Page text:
Happy Fall!

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Photo by Jordan Beckett

I landed in Portland and it rained for three days straight. Summer isn’t sticking around.

Right now I’m on a short break from running. It’s my one vacation for the year. I don’t cross-train or try to fill the time with other physical activities (well, maybe hikes or dancing, but not planned exercise). I want to go back to training a bit antsy to get started. Then for about a month I’ll be on my own getting back to running, at which point we’ll start meeting for workouts.
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I try to use this time to reflect on the season, take stock of what went well and what I’d like to improve, and put plans in place for implementing changes. ⠀ ⠀ ⠀ ⠀
This isn’t only about workout specifics, all of that will go through talks with my coaches. I’m interested in the background system and habits, in any hiccups that arose, and planning how to avoid those. Were there trends in injury or illness that I could use to anticipate next year issues, to avoid repeats? What PT or prevention habits might help? Did my diet support my training goals? If I deviated from my plan, what cause that? And so on down the list… from mind space to morning routine.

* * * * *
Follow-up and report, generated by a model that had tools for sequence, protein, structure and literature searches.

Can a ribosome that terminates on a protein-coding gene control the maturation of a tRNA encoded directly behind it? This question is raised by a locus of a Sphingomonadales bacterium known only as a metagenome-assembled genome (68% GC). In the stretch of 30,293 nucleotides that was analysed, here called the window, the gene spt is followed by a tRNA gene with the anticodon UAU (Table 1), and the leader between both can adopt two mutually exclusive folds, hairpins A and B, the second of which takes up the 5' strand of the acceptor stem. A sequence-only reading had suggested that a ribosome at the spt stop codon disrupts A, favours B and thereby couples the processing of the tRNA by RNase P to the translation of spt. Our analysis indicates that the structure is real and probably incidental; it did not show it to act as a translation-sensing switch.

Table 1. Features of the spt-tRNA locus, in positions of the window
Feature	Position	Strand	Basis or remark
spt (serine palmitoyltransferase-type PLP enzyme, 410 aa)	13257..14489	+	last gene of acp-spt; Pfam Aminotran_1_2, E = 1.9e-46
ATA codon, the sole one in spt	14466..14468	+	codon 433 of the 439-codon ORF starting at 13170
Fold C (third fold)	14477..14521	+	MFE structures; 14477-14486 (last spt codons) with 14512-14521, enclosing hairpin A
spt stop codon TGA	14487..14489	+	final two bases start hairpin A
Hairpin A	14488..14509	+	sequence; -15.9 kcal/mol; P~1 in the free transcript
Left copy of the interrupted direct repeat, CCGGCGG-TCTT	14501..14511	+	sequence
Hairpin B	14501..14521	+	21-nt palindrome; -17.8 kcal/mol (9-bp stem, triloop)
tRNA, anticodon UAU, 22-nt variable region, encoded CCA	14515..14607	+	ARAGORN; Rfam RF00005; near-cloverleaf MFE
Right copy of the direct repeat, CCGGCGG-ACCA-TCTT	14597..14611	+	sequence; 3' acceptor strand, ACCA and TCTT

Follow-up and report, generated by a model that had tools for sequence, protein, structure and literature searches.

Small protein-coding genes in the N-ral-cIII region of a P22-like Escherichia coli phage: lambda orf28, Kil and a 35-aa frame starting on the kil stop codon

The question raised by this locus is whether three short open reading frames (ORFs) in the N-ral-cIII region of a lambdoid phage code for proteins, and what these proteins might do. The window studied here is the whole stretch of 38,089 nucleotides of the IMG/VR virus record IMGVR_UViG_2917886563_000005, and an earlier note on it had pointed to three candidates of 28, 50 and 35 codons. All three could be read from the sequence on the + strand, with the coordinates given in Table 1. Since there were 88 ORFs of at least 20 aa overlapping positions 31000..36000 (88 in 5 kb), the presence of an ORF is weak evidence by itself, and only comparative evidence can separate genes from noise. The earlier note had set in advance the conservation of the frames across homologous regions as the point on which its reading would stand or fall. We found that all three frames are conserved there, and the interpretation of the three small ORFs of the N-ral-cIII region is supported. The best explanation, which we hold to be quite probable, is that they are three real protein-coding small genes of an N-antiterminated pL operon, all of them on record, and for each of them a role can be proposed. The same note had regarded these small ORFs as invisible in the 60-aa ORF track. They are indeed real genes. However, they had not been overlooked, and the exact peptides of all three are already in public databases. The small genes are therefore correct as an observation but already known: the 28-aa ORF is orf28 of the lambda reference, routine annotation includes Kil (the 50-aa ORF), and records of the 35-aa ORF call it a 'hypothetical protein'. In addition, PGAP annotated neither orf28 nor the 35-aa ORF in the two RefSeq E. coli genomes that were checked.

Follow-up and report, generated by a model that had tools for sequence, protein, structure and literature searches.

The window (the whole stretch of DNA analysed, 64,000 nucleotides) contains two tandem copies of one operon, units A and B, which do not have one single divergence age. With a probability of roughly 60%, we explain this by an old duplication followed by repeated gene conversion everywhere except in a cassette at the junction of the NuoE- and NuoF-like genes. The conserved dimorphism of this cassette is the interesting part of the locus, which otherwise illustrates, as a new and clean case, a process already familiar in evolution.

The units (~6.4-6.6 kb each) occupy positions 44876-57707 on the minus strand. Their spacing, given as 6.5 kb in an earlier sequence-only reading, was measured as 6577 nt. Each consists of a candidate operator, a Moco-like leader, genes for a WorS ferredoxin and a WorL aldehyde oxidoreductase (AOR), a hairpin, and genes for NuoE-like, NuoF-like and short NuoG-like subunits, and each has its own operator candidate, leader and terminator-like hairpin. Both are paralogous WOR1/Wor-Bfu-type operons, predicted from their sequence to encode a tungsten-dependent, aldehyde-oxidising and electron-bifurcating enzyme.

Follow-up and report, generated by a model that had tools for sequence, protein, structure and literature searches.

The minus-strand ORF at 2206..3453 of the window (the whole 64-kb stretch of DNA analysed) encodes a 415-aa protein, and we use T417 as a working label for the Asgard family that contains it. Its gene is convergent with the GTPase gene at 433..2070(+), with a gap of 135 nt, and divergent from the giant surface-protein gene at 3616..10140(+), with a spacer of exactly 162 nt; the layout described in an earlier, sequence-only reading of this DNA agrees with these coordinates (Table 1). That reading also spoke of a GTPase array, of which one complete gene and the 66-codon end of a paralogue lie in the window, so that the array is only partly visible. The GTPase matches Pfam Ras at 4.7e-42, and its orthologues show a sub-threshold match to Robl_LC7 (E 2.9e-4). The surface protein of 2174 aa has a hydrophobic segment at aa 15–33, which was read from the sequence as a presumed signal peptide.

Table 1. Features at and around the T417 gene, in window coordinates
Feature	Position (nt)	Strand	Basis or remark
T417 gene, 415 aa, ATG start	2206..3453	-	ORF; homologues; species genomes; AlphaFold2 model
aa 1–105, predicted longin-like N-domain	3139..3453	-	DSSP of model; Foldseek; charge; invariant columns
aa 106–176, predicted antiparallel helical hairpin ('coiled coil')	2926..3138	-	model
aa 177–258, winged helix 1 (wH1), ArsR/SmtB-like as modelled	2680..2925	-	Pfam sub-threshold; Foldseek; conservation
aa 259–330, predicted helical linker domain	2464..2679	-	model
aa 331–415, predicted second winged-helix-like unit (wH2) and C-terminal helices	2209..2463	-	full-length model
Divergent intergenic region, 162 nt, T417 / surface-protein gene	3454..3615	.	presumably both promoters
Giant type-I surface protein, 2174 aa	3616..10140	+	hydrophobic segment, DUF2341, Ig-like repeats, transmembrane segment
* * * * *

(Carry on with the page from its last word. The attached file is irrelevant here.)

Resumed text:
Of course not everything is controllable. I don’t see the value in regretting events that are part of the normal human process. Injury and illness; distraction or decision fatigue; boredom, loss of motivation. That stuff is going to happen on the path of any long-term goal. The point here isn’t to beat myself up. But rather to identify where I faltered, if I can learn from that experience and put guardrails in place for next time. It’s about putting myself in the best possible position to succeed.

As athletes, it’s arrogant to believe that we can anticipate or avoid every error. But it’s similarly prideful to think we can ignore past signs or self-awareness and still be our best. I need to be able to ask for help where I fall short, which means being able to identify shortcomings to start. And I need to give myself a lot of put ups along the way, a reminder that even if it’s not perfect, it can still be good.
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The motto for now and for ever: Believe in yourself, know yourself, deny yourself, and be humble.

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